Article Archive
November/December 2020

The Valuable Role of Preceptorships in Geriatric Education
By Lindsey Getz
Today’s Geriatric Medicine
Vol. 13 No. 6 P. 22

A time-honored tradition is more important now than ever.

Preceptors play a vital role in geriatric education. The general purpose of a preceptor program is to help preceptees develop confidence, critical thinking, and decision-making skills. Preceptors serve as guides and facilitators and help preceptees to gain essential clinical experience.

Brian Caldwell, MS, RN, AGPCNP-BC, is an adult geriatric nurse practitioner at St. Ann’s Community, an older adult living community, and serves as a preceptor at the University of Rochester’s School of Nursing. The program, he says, is an invaluable opportunity for students to hone their skills and learn how to care for this specific population—something that isn’t as easily done in the classroom or without hands-on support in the field.

“Clinicians need to be adequately trained, and I think preceptors help to promote better training in the field,” Caldwell says. “Participating in a preceptor program also helps to manage the complexities that we see in the older adult population by helping clinicians to really home in on patient- and family-centered care.”

According to Caldwell, who earned his gerontology degree in 2016, there are obviously many aspects of being involved in older adult patient care that don’t come to light in the classroom. Geriatric care, he says, can be “multifaceted” and there’s no substitute for learning in the field alongside someone who’s already trained and practicing.

David Hage, MSW, LCSW, ACSW, C-ASWCM, an assistant professor of social work and gerontology at Misericordia University in Dallas, Pennsylvania, and cofounder and practicing aging life care professional and consultant at Pathway Senior Care Associates, believes helping students better understand the current trends in the aging population—as well as the resources available to assist that population—is best achieved in the field. “A lot of people in general interdisciplinary fields may have more exposure to pediatrics and young adults than exposure to older adults, so having those important interactions gives them a real-world look at the unique issues this population may face. There are many age-related issues that older adults specifically encounter, and it helps to be exposed to those early on.”

James Siberski, MS, CMC, agrees there’s really no better way to learn than “out in the field,” and that’s what preceptoring is all about. “I really encourage students to be out in the community, because that’s a better teacher than me,” Siberski says. “They need to be in nursing homes and senior living communities, learning first-hand what they need to know. Preceptoring is about building a base—a foundation—of information.”

Audra Cave, DNP, FNP-BC, an assistant professor at Frontier Nursing University and a preceptor in Spindale, North Carolina, echoes the same views. When students work alongside a preceptor, there are new possibilities and opportunities for learning. “There is this amazing relationship that develops between the preceptor and the students,” Cave says. “But one of the surprising factors is just how much the patient gets out of it. They’re watching and [are] part of the experience—and they’re learning, too. Preceptoring is a really great way to include the patients in their own medical care.”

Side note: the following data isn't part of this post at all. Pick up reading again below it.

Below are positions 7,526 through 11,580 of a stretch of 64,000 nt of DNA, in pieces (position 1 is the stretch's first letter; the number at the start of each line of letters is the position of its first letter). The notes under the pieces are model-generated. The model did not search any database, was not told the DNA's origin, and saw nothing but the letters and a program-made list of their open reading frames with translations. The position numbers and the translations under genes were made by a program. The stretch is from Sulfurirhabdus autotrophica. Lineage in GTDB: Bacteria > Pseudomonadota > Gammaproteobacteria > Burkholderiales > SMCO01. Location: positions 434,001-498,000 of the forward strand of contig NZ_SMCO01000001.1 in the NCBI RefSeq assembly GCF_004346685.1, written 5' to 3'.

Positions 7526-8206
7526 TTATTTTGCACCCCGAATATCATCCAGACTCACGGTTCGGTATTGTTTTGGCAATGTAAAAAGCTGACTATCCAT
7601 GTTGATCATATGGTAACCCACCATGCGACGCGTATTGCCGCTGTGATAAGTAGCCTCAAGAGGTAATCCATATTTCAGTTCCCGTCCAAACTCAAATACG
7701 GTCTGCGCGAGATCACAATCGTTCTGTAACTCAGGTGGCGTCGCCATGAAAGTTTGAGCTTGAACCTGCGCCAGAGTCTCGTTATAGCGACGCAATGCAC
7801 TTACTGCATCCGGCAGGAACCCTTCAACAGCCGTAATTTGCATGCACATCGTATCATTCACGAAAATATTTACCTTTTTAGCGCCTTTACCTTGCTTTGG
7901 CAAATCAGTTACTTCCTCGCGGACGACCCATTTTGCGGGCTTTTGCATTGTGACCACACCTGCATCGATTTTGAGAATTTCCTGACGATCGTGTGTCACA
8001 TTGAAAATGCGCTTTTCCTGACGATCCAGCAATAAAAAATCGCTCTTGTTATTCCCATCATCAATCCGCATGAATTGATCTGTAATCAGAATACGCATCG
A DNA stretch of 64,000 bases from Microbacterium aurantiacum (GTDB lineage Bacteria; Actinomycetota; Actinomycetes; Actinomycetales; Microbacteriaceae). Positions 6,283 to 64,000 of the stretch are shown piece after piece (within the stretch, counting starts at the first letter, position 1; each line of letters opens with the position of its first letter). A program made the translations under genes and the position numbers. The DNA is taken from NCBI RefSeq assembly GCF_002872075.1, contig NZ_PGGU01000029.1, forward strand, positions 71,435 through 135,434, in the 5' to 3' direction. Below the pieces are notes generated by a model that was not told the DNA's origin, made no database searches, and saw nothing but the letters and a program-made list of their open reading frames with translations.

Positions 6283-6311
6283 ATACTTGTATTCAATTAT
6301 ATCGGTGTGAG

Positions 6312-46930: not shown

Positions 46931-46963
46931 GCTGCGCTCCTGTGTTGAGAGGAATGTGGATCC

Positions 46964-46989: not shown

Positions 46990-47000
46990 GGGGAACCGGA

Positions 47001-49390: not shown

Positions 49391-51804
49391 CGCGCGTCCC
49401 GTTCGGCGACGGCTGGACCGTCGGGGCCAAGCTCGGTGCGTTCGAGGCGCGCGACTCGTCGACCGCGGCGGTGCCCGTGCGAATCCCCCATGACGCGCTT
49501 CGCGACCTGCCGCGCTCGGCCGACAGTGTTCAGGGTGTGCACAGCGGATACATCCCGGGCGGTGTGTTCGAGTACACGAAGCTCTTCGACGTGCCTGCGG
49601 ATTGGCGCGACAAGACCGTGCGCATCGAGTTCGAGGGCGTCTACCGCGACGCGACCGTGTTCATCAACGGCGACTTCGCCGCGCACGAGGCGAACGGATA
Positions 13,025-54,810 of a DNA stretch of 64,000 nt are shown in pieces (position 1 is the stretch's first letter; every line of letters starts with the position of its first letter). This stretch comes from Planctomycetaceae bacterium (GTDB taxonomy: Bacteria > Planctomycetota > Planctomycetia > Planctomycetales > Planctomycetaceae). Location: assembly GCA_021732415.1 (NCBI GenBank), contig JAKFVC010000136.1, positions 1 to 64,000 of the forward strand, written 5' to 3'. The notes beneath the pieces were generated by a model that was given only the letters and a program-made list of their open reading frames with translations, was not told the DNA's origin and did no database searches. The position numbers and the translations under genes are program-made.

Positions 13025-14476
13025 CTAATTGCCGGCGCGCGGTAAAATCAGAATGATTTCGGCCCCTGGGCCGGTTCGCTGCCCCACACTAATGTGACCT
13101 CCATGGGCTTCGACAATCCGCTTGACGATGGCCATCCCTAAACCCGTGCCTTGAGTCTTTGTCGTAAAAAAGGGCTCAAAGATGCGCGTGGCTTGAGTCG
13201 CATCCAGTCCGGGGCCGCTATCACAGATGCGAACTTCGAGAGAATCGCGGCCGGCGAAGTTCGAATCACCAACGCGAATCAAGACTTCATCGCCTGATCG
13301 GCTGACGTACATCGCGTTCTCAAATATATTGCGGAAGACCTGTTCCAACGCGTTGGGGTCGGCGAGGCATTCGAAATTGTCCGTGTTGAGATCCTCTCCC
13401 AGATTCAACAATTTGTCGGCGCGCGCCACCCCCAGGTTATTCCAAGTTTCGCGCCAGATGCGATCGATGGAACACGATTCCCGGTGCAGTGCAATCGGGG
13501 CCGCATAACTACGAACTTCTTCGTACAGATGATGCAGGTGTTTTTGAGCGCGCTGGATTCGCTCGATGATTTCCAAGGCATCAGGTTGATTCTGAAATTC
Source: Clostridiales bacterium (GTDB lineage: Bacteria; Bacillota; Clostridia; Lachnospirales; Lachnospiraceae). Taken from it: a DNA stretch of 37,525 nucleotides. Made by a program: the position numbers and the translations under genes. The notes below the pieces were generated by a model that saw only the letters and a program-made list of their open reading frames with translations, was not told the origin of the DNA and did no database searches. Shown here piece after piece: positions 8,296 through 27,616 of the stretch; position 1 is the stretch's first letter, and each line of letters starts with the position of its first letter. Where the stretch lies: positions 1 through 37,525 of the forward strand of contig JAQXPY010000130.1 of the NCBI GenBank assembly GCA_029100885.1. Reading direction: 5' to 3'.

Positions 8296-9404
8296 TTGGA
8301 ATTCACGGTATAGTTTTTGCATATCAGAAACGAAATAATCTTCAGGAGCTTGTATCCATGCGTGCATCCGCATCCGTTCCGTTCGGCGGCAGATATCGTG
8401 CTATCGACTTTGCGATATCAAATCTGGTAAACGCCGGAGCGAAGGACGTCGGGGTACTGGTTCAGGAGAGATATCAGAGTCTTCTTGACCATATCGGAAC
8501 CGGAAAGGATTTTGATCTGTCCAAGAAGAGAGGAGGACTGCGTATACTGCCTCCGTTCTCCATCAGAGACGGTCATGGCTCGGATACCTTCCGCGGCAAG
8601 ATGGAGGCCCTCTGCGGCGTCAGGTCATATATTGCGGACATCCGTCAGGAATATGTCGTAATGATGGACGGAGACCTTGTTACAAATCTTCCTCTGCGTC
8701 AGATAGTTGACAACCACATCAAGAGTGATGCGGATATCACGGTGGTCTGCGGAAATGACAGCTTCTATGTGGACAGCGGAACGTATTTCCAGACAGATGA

As we move more toward a model of patient-centered care with patients and their families being increasingly involved, preceptorships strongly support such a model. It can also provide substantial support for specialties, Cave says, which may have nuances that are best learned in the field.

Preceptors’ Role in Retention
It’s no secret that there has been an exodus of young medical professionals leaving the profession. The first few years of practicing can take a toll. With so much investment of time and money into education—and such a need for more skilled professionals—it’s a shame to lose anyone, particularly to unpreparedness.

But one potential reason for this trend may be the lack of clinical support and training received during their medical education and in those early years of practice. Even after nurses and young doctors begin formal practice, there’s often a learning curve to be overcome and, if they’re not supported during this time, they could fail.

With the need for more training and support, it’s been surmised that preceptoring could be an effective solution. A program such as this helps put supports into place that help young medical professionals feel more competent and prepared.

Solimar Figueroa, PhD, MSN, MHA, RN, P-PCA, a clinical collaborator for the American Academy for Preceptor Advancement (AAPA), says preceptorships are “the link between what students learn in the classroom and what they actually put into practice.” Preceptorships “are about promoting or enhancing learning and as a result it builds competence,” she explains. “The main reason that people leave is because they are not satisfied. But preceptorship improves satisfaction because they’re prepared—and that sets up them up for success.”